In this present age, there has been a lot of advancement in technology; it is to this effect that we have Li-ion Battery chargers. This type of charger can be used for charging electric vehicles and portable electronics.
Li-ion batteries provide great performance. They must be charged appropriately in order to get the most out of them. If the battery charging is not done correctly, the battery's performance can be harmed, and they can even be destroyed, thus caution is required.
The optimum performance and longest operating life may be obtained by charging Li-ion batteries properly. As a result, charging the battery is usually done in combination with a battery management system.
This regulates the amount of charge and discharge, as well as the rates at which they can occur.
Basically, there are three stages of Li-ion battery charging: The first one is the pre-charge stage, followed by the fast-charge stage, and lastly the charge termination stages are the three stages.
The charger regulates the amount of electricity entering into the battery while in pre-charge or fast-charge mode. The charger, on the other hand, regulates the voltage going to the battery while monitoring the current pouring into it during charge termination.
The first stage is the pre-charge stage, also known as the trickle stage. The battery charger only transmits a little amount of electricity (trickle charge) into the battery during this stage. When a battery is recognized, the charger starts the charging process.
The trickle charge represents a minor portion of the total charge current. This stage's purpose is to charge the battery to a set extent so that it may be fast-charged in the next phase.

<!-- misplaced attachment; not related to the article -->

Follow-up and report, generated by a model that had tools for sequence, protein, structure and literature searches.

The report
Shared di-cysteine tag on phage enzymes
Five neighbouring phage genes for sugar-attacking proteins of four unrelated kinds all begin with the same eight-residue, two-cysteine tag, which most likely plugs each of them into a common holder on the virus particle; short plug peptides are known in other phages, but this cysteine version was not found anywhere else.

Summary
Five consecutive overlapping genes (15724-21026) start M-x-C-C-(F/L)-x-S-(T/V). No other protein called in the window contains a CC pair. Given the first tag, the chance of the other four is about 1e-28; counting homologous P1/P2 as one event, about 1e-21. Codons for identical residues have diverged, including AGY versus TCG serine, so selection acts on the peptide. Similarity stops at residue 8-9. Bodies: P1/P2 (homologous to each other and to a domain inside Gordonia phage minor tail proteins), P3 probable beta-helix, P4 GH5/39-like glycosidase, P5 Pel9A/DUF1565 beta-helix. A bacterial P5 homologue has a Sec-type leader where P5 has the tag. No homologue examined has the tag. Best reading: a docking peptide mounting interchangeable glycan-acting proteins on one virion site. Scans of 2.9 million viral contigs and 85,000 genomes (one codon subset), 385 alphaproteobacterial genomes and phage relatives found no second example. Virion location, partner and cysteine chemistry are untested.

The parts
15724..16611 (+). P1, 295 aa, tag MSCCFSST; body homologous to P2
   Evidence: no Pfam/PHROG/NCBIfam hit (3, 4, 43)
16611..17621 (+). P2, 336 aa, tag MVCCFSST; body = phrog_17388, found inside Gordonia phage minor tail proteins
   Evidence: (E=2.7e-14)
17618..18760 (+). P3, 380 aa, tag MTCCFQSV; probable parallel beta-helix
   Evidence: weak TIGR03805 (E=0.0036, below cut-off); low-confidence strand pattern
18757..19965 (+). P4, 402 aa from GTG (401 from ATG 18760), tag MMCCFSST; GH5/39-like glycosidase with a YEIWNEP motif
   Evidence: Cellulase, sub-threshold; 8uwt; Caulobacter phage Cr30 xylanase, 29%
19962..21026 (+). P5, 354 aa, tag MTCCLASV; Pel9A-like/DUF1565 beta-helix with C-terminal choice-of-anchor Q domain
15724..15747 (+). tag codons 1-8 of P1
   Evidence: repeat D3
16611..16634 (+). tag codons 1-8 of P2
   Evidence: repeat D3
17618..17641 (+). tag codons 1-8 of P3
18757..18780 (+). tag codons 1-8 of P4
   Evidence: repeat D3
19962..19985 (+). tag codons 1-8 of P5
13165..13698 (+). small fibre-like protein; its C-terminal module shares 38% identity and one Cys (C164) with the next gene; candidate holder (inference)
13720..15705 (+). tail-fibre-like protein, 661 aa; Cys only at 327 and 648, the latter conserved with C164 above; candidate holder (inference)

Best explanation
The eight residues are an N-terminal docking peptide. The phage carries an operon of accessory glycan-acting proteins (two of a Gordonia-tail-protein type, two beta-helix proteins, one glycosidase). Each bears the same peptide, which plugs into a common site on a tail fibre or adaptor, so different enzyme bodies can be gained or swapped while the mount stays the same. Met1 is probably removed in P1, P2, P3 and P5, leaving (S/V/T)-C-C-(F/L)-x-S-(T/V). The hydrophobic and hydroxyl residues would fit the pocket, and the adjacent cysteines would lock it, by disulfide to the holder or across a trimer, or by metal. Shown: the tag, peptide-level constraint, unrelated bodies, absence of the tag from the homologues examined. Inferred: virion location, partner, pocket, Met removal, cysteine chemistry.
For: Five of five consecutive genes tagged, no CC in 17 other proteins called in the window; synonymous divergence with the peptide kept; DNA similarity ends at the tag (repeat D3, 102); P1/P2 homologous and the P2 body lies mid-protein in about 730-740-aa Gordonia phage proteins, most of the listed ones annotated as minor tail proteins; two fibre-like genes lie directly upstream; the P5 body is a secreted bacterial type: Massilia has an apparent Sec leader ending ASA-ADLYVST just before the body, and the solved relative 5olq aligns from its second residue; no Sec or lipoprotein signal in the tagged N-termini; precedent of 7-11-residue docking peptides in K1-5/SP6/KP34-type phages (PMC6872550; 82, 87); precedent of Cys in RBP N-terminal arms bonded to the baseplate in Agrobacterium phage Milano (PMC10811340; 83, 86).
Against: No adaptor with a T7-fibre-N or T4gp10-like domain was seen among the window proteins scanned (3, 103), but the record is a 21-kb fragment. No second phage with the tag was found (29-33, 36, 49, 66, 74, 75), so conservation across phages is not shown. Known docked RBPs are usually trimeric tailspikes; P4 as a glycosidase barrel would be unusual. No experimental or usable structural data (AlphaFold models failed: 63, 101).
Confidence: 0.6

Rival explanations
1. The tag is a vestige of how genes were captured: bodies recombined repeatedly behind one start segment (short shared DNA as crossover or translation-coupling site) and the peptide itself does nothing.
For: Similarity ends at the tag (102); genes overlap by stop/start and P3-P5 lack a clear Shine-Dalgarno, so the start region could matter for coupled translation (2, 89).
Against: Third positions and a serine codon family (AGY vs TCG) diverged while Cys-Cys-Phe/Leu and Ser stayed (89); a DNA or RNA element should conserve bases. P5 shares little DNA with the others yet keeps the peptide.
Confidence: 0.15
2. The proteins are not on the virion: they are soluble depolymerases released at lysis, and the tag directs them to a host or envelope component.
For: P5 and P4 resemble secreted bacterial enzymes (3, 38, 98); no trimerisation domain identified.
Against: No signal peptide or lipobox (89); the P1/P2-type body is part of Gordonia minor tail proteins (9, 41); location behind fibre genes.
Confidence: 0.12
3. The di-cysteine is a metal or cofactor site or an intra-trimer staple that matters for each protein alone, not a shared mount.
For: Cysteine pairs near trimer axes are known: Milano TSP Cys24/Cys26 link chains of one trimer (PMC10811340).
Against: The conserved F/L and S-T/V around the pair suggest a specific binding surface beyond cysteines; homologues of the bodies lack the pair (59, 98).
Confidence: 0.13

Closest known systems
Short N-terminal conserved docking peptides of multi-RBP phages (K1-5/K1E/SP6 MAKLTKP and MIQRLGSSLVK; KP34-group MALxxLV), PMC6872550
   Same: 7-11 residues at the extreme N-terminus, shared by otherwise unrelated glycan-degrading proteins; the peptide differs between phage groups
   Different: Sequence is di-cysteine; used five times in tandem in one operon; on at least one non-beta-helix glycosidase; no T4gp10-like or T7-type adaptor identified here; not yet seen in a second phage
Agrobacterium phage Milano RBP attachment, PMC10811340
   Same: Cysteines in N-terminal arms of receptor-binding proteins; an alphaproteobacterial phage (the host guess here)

When a battery is highly drained and the voltage falls below a particular threshold, the charger automatically enters the pre-charge mode. The charger monitors the battery voltage once the pre-charge has begun until the pre-charge voltage threshold is met.
You are responsible for programming the pre-charge voltage threshold, which is a predetermined proportion of the maximum charge current. The battery charger enters the fast-charge stage when the battery voltage surpasses the pre-charge voltage threshold.
The fast-charge stage, also known as the constant current stage, controls how much current enters the battery. The battery is charged with a steady current that is controlled based on the maximum charge current you choose.
The charge termination stage, often known as the constant voltage stage, is the final stage of charging. The battery charger enters a voltage-controlled mode at this point, regulating the voltage rather than the current going to the battery.
The charger supervises the charging process by detecting the charge current, even if the voltage to the battery is controlled.
The charger recognizes that the battery is fully charged when the charge current falls below a predetermined percentage of the designed current while in voltage-controlled mode. The charging process is then ended.
The battery charger will continue to monitor the battery voltage after the charging cycle is completed. The charger will start a fresh charge cycle if the battery voltage falls below a pre-set recharge threshold, and the process will repeat again.
Li-ion batteries may be quite volatile, as you may or may not realize. They can catch fire or explode if you overload them.
Almost everyone has heard about the phones that kept catching fire. Working with these batteries necessitates careful consideration of safety.
In terms of security, you have two choices:
Option 1: Get a battery with built-in safety features. Choosing a battery with built-in protection is almost always a good idea, at least in the beginning.
Many Li-ion batteries, for example, contain a tiny circuit board hidden behind some gold-colored tape towards the top where the leads exit. The battery is protected by that circuit board, which is already built in. It protects it from being overcharged or shorted.
Option 2: Create your own protection. You might include the protection in your product or on your own board to keep it hidden. However, this is not something I usually encourage at first.